Six-time Australian Open champion Serena Williams avoided the upset bug as a top two seed in the men's and women's singles draw, with the shock exits of Andy Murray and Novak Djokovic in the men's singles, and defending Australian Open champion Angelique Kerber fell by the wayside to compatriot Coco Vandeweghe.
The second seed is the firm favorite to regain the Australian Open title, and she has to win the title in Melbourne to regain the world number one ranking. Nevertheless, Williams overcame a tough test with 16th seed Barbora Strycova to reach the quarterfinals in Melbourne for the 11th time in her career.
Williams snatches a tough opening set
The 22-time Grand Slam champion opened proceedings in the first match of the day in the Rod Laver Arena, and she lost serve immediately to 15, and Strycova would follow suit, with Williams leveling the game at 1-1. Furthermore, in the third game of the match, the second seed would get broken to love, and for the fourth consecutive game of the match, there was a break of serve with the American breaking Strycova back once more.
The former world number one would finally stop the rot by holding serve to lead 3-2. Strycova would also hold for the first time in the next game, leveling the match at 3-3. However, for the third time in the match, the 30-year-old would break Williams' serve with three unforced errors causing the former world number one problems.
In the following game, the second seed would get a 0-15 lead on the Czech's serve with a good return of serve and forehand winner in the corner. Furthermore, there continued to be errors from both players. Williams was looking to get the immediate break back with coming out on top in a 14-shot rally, finishing the point off with a drive volley. A good first serve out wide from Strycova saved it but aggressive forehands from the American-created another break point. The American would take it, getting the game levelled at 4-4.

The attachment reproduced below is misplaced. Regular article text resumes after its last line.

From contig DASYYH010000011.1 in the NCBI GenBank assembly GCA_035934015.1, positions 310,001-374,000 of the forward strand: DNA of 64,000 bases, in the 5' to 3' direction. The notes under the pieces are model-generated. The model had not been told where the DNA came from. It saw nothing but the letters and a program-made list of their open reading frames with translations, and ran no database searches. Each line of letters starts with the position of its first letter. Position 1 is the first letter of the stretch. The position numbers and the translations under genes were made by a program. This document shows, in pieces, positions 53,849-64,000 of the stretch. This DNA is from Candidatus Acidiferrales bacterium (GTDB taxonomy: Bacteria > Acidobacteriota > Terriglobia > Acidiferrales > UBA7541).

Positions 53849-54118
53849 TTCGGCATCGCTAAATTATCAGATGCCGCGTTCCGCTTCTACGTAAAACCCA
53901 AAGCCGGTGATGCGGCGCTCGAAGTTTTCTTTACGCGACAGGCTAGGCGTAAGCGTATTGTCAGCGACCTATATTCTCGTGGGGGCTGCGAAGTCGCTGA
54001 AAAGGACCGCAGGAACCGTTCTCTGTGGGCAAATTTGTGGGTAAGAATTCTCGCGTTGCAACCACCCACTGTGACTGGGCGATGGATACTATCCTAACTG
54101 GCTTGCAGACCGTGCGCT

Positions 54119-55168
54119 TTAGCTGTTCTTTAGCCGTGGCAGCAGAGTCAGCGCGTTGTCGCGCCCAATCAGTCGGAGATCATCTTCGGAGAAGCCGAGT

In the business end of the set, the 35-year-old's forehand continued to break down creating another forehand unforced error out wide. However, the six-time champion would win the next two points with forehand winners. An ace out wide, followed by strong hitting caused errors from Strycova to lead 5-4.
The 16th seed had never won more than four games in a set against Williams, and the signs looked ominous as the American began the game with a forehand return winner down the line on Strycova's second serve. More unforced errors from both players handed the American her first set point at 30-40. A backhand unforced error in the net allowed the Czech to save it. Once again, Williams applied more pressure on Strycova, getting another set point chance but it was snuffed out with a good serve out wide.
Williams would get a third break point chance but it was quickly snuffed out again with an ace out wide, however, the net cord helping Williams' forehand winner go down the line to get a fourth set point. A serve out wide and volley winner at the net, allowed the Czech number three to save it. She eventually held to serve in a game lasting 10 minutes with a forehand winner down on the line in an 11-shot rally, gaining an applause from the 22-time Slam champion.
The six-time champion erased that game from her memory as she served held her serve easily, and getting an ace out wide to lead 7-6-5, and put the pressure immediately back on Strycova.
Williams was determined to not go to an opening set tiebreak and she raced out to a 0-40 lead on Strycova's serve, creating three more set point opportunities. However, the Czech didn't have to do much to save the fifth and sixth set points as Williams committed a backhand and unforced error in the net. Strycova employed the serve and volley tactic, drawing the error from the former world number one saving an impressive seven set points. Inevitably, Williams would get an eighth set point with a backhand return winner down the line, and the net cord, truly working in the American's favor to win a hard-fought opening set, 7-5 in 55 minutes.
The second seed reaches the 11th quarterfinal in Melbourne